A professional recording studio is the ideal setup to record high-quality audio material. On the other hand, a home studio gives you more convenience but lacks the necessary gear, and therefore, compromises the recording quality. Setting up your own recording studio will come in handy when you are in a time crunch, allowing you to create decent-quality audio output at your own convenience. Here’s how you can set up your own home studio.
Computer or Laptop
A reliable computer or laptop is a necessity when setting up a home recording studio. Invest in a device that comes with a fast processor, one that, ideally, has at least 2.2Ghz i7 quad-core, 256GB of storage space, and a fast, 64-bit operating system. You need a computer or a laptop with a 15-inch screen, at the very least, so you can easily edit your tracks and recordings.
Digital Audio Workstation
A Digital Audio Workstation is a software or platform that allows you to produce, compose, record, mix, and edit audio material and MIDI. There are many DAWs with different features and workflows. Some of them are free, and others are prices based on the tools that they offer. They usually allow you to download free demos or lite versions before you make a purchase. You can test out multiple DAWs until you find one that suits your needs best. Search for something that will allow you to work quickly and experiment with new instruments and sounds.
Investing in an audio interface is vital if you want to create high-quality music. Choosing an audio interface to purchase can be very confusing, though, because each audio interface comes with a variety of options, and is designed to serve specific purposes and studio types. While searching for an audio interface, there are 5 main specs you should focus on. First off, search for an interface that is compatible with your Digital Audio Workstation. It also has to support a powerful and fast interface connector to process and transfer data quickly. Make sure that the cable type is suitable for your computer or laptop. You should select one with an input/ output count that can accommodate the number of tracks you plan to record or edit at once. You need to consider the Input Channel Types and Form Factor as well.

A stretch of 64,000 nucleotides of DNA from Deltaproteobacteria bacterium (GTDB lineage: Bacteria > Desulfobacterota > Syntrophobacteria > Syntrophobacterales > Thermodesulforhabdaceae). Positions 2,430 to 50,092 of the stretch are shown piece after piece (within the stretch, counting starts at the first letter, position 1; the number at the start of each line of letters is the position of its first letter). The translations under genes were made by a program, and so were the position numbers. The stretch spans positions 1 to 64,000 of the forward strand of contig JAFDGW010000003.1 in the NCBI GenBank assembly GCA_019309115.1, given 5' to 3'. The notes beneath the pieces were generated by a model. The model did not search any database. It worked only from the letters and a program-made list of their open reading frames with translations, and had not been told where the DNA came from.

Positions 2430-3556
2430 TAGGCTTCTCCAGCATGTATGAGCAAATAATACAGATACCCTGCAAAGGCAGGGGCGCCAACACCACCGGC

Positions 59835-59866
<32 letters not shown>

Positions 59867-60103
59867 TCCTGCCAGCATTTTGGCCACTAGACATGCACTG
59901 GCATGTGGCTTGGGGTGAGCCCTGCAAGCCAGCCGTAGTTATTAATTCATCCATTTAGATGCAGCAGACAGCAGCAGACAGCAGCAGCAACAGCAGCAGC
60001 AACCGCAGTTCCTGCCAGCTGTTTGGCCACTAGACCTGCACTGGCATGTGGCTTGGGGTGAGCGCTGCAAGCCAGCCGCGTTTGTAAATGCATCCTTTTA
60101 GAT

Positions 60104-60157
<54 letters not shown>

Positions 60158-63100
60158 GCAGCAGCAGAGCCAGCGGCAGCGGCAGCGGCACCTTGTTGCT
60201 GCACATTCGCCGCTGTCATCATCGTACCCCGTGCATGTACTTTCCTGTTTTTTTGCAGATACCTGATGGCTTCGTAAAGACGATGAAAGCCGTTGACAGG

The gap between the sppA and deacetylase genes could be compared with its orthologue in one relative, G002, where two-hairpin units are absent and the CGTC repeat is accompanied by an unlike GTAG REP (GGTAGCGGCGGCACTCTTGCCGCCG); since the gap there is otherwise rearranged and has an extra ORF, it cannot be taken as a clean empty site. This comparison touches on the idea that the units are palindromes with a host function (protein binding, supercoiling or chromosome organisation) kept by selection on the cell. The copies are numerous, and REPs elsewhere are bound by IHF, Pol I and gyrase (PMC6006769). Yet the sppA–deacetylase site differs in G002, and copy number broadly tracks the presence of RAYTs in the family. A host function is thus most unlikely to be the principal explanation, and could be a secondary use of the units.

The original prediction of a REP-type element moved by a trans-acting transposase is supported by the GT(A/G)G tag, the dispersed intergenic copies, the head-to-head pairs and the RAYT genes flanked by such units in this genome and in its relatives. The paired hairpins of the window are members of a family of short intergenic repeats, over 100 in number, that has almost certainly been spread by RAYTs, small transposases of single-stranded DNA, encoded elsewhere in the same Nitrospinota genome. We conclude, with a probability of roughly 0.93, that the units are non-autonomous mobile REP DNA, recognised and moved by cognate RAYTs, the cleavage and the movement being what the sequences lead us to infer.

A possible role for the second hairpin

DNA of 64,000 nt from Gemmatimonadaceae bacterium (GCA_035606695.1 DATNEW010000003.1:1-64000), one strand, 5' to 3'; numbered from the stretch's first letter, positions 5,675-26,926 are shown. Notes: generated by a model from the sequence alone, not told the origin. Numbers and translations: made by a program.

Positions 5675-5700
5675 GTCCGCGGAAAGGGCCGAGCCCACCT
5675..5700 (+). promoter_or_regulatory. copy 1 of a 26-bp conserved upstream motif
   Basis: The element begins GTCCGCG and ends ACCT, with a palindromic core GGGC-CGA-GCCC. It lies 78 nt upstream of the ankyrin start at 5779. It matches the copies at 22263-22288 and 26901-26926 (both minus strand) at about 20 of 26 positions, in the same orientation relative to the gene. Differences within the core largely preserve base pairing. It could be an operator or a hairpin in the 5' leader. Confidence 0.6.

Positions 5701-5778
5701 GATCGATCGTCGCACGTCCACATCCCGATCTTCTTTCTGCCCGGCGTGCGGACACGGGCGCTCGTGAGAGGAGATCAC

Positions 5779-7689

When setting up a home studio, soundproofing is crucial. This will make your audio output sound more polished and clean by blocking out any unwanted noise, sound interference, and disturbance. There are many affordable soundproofing products that you can use. Materials like acoustic foam, fabrics, panels, boards, and other sound insulators, can help you produce high-quality audio output.
A Musical Instrument Digital Interface (MIDI) will come in handy as it will connect your musical instruments, your computer or laptop, and other hardware devices you are using. It will allow you to edit each note in your recording, alter the sounds, change their articulation, or even replace them completely. It transmits data that tells your gear what to do, which systems should respond, and which notes to play. It also allows you to add virtual sounds and experiment with your music. It is played similarly to piano keys; though, you don’t need to learn advanced techniques to use it.
Studio monitors ensure that what you hear is what’s actually there. This is important because it allows you to mix different audio tracks properly and hear the faintest sounds that play back on other systems. Every stereo system is different, which means that your music can sound different on each speaker. Your monitor system will help ensure that your music sounds great on all speakers.
To pick the right headphones, you need to identify the kind of work that you’ll be doing in your studio. This will allow you to choose between open-back and closed-back headphones. Open-back headphones work best for mixing purposes and are designed in a way that releases the pressure built up inside the headphone enclosure. Closed-back headphones, on the other hand, are used for monitoring purposes, especially vocal monitoring, as they block outside noise better than their open-back counterparts.
Opt for a microphone that ensures vocal clarity and captures sounds that are as similar in quality to the original source as possible. Flat microphones produce better frequency and are more sensitive than dynamic microphones.
As you can see, there are many things to consider when setting up a home studio. Because there are various tools and equipment to choose from, things may become confusing pretty quickly. If you start to feel overwhelmed, refer back to this guide to help you set up your own home studio without a hassle.